• Andrew Jonhardt

Ahead in development, behind in business

Updated: Aug 16, 2019

I've got good news and bad news. Good news first.

I'm 1 weekend ahead on my project. The three initial challenges I set aside for myself, making a callable function for player damage (to be filled out when damage becomes important), handling players falling off levels, and re-spawning the player after they've fallen, proved so trivial to implement that I completed all 3 in about 30 minutes. Holy fuck.

The reason I'm only 1 weekend ahead on my schedule is because the 3 challenges I assigned myself for next weekend, the next 3 traps (I consider tiles that can force a player to fall to be "traps"), proved tricky to implement. The 3rd trap in particular was directly changed from the original design in favor of something better fitting my goals.

Originally, I intended for one of my traps to be a "shot trap". Designed to shoot out projectiles at regular intervals, the shot trap would provide an obstacle capable of impeding huge areas of player-passable terrain. Unfortunately, this kind of trap presented 2 problems I wasn't a fan of. 1st, extra sprites would be needed to align with all 4 wall directions, adding cost to a budget I've been working to keep tight. 2nd, every aspect of the shot trap, from the projectiles to the trap location and attack angle, would require a higher level of development investment to ensure the player remains aware of the danger when in melee with foes on all sides.

This is what I implemented instead of the shot trap:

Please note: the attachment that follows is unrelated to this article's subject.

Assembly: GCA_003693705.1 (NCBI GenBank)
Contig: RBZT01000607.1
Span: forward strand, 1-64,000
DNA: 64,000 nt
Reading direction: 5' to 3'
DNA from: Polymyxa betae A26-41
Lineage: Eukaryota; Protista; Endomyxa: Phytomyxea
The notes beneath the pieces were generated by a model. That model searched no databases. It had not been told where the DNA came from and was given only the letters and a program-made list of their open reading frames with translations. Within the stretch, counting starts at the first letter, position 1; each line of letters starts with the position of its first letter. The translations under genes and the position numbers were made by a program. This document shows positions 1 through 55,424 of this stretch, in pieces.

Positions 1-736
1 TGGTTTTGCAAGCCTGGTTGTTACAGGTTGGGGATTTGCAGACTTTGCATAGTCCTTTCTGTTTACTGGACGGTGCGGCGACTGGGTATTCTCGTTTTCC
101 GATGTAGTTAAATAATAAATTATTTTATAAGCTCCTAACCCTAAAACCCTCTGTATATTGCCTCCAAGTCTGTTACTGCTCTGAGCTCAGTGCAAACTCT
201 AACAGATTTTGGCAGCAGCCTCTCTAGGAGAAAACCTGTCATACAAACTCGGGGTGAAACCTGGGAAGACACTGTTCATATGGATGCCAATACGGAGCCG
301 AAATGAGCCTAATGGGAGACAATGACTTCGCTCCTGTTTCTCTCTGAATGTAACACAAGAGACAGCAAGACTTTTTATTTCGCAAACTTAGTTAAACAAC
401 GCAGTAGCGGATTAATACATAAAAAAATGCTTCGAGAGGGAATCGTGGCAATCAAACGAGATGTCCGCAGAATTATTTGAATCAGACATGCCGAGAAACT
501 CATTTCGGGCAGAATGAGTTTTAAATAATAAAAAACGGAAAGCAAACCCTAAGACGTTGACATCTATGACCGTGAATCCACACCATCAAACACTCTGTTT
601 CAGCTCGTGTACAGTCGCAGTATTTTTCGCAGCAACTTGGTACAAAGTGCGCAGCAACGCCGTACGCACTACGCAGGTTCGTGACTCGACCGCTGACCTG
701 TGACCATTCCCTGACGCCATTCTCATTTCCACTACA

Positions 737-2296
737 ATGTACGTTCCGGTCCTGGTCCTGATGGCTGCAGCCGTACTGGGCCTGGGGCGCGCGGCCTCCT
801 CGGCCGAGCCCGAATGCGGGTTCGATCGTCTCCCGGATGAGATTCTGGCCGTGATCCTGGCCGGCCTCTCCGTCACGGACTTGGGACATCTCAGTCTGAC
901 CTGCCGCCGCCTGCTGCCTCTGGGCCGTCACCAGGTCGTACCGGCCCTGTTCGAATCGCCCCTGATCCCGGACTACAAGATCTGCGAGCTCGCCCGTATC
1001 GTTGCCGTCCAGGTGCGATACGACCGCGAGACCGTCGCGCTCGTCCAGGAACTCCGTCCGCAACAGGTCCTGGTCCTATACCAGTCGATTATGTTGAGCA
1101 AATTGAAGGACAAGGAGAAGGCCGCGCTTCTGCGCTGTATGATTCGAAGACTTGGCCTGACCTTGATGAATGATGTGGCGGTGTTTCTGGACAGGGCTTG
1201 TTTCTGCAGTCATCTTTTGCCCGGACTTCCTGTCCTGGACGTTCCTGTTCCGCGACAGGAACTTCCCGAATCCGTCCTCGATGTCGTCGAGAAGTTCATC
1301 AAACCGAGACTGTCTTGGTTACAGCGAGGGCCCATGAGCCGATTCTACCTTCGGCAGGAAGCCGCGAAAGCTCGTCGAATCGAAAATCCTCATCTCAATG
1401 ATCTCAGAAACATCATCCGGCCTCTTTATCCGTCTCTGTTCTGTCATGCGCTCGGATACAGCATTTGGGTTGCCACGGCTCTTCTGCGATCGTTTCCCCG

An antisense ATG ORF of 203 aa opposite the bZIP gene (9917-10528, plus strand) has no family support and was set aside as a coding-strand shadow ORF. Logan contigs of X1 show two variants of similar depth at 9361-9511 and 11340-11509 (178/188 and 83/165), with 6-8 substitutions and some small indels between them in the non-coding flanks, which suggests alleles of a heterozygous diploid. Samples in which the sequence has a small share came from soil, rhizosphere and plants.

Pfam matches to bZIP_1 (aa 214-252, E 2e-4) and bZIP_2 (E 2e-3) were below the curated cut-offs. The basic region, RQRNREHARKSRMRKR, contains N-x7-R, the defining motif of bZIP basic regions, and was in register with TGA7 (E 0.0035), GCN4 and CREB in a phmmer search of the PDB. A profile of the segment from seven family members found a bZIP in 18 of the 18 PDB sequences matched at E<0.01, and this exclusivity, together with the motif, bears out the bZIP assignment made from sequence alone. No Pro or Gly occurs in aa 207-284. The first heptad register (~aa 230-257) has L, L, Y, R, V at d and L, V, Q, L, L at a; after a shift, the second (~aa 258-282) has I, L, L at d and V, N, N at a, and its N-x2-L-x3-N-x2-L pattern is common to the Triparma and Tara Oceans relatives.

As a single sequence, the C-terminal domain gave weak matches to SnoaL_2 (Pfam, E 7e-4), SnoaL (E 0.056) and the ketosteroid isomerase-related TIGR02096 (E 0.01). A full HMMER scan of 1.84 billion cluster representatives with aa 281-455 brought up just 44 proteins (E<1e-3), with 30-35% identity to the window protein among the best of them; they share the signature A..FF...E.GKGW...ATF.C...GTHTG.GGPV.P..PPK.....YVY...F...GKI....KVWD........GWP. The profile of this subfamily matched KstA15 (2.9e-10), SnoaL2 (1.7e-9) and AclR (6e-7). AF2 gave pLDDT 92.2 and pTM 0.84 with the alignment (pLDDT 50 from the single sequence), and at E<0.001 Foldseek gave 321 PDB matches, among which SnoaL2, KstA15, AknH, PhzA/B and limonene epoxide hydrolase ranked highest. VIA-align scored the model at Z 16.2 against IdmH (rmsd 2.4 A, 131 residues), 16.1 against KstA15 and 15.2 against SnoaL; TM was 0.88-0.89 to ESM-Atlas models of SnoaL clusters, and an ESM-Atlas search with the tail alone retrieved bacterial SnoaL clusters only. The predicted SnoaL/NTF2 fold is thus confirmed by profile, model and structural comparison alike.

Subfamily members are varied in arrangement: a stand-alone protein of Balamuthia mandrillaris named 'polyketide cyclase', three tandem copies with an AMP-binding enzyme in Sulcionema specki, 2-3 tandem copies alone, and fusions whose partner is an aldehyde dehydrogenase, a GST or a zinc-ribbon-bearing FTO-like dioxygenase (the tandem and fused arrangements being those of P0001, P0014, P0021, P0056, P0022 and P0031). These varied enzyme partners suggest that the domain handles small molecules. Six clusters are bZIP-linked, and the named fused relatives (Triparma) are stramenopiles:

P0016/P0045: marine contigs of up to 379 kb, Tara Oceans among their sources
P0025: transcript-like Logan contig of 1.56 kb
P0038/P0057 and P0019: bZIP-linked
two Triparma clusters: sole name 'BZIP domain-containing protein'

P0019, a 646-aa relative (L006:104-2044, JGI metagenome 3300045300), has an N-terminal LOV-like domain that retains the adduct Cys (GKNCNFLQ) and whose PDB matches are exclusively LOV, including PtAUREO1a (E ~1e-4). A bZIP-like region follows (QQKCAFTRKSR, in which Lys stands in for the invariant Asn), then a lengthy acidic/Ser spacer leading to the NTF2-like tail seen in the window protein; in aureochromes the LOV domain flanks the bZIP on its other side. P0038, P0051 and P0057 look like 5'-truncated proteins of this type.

I call this the push trap. It's big, so it's hard to miss. I can re-use and alter the coloring of existing wall assets to define its appearance, thus ensuring no sprite budget increase. I could do even more in code, and have the push trap vibrate or shake before launching itself at the player.

I say "could", because I didn't have time to get any of that stuff working. It took all of my free time on Sunday just to get to what you see now.

When I started on the push trap, I wanted to use a Raycast to check when the player was in front of it. Raycasts in Godot couldn't get me the information I wanted, so I had to settle for a collision box (the light-blue box the player crosses to activate the trap).

The next issue was actually just making the push trap push the player. As you may be able to tell from the gif, this remains an unsolved problem. When the player comes up from below the trap, the trap correctly pushes the player. However, when the player comes down to the trap from above, the trap moves both forward and upward instead of just straight, and then gets stuck at half the distance it was supposed to travel!

I believe the weird behavior in the push trap is due to a quirk in the way pivot points work for nodes in Godot. All nodes have a pivot point in the upper left side, and this pivot point may only be moved on visual (sprites, color blocks, etc) nodes. So, unless I want a sprite to be the root node for my player (not advised), I'm stuck with scripts that are getting the upper left portion of the player instead of tracking the player object from his center.